The title of the book comes from a poem by Robert Burns, who wrote it after overturning the nest of a field mouse with his plough. In the penultimate stanza, Burns observes that:
The best laid schemes of Mice and Men,
Gang aft agley,
And leave us nought but grief and pain,
For promised joy!
This is an apt description of George and Lennie's situation. They have laid plans for a life of freedom and independence, working their own land instead of someone else's, and by the end of the book these schemes have come to nothing. It is fitting that they should end up physically as well as metaphorically exactly where they started.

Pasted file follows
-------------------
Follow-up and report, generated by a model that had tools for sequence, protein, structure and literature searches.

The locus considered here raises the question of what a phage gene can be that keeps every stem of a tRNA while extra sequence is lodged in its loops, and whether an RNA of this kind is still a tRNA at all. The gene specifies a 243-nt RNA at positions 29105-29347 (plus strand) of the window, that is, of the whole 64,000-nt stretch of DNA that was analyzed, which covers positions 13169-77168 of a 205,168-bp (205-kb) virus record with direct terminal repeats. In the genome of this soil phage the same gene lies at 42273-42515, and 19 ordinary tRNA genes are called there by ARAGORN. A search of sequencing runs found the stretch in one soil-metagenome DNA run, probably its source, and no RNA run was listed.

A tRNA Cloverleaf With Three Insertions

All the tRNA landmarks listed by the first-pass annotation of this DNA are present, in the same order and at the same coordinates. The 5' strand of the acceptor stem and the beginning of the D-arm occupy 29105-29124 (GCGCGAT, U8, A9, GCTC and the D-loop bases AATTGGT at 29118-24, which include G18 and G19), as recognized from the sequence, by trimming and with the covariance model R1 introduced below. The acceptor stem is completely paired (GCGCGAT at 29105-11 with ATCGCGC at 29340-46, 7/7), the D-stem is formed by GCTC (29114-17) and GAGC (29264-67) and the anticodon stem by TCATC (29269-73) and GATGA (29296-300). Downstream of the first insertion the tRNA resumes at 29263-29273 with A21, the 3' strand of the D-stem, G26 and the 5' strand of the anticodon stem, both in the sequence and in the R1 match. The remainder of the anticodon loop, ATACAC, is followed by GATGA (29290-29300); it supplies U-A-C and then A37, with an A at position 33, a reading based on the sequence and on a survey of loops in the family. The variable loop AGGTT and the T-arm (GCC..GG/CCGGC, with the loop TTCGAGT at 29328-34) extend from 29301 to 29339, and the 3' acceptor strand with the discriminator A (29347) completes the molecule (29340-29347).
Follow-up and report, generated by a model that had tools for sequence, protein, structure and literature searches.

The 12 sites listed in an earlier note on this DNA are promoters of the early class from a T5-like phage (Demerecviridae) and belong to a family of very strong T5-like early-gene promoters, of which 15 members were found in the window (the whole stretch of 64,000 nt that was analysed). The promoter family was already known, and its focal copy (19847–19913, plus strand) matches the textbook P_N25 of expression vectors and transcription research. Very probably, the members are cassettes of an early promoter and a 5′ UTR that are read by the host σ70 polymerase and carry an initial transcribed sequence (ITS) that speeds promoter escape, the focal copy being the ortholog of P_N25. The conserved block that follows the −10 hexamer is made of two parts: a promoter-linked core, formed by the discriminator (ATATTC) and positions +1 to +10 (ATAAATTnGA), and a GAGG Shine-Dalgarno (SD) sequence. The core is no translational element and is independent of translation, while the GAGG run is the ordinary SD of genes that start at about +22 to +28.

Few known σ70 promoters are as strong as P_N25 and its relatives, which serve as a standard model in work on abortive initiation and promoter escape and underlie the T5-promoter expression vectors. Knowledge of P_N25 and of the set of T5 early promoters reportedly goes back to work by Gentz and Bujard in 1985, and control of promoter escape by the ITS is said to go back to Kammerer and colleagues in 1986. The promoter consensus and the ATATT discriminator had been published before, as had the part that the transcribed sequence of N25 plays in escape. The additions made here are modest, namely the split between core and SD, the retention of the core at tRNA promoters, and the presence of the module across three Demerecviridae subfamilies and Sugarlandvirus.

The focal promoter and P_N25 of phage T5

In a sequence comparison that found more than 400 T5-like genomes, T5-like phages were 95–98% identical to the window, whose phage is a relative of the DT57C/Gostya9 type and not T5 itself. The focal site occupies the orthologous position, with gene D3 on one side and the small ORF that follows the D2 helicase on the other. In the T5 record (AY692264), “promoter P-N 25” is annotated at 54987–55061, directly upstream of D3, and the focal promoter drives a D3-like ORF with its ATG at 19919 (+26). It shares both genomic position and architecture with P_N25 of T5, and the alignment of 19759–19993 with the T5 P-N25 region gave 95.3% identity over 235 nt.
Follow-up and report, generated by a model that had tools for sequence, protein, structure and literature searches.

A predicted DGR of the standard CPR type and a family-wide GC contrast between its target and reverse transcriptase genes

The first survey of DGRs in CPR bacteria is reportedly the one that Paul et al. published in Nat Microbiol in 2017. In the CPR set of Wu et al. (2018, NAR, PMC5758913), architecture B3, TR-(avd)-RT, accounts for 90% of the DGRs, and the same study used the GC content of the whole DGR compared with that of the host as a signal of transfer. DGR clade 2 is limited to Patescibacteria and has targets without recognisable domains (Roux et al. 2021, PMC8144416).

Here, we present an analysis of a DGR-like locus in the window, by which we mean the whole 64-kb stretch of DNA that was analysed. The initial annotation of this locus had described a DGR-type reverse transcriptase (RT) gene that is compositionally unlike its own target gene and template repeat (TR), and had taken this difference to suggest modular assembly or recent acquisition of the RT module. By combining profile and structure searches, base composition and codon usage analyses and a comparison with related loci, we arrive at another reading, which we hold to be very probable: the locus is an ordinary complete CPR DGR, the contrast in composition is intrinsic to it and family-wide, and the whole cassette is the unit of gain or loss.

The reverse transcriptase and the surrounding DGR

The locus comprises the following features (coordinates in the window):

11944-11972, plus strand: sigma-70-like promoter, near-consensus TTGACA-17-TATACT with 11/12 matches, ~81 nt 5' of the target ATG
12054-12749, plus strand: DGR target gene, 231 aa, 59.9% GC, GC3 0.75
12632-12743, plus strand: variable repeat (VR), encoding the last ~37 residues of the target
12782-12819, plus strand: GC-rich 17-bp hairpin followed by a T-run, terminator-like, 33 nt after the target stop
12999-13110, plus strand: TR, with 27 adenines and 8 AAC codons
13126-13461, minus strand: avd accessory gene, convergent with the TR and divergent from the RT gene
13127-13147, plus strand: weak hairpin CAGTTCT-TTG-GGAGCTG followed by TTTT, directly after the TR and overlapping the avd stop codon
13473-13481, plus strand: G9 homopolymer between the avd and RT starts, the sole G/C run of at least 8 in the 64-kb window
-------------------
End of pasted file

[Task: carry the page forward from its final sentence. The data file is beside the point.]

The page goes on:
However, in the final stanza of the poem, Burns says that the mouse is more fortunate than he is himself, since "the present only toucheth thee," while the poet is plagued by unhappy memories of the past and fears for the future. In Of Mice and Men , Steinbeck uses the idyllic, peaceful setting, similarly described at the beginning and end of the book, to emphasize the...
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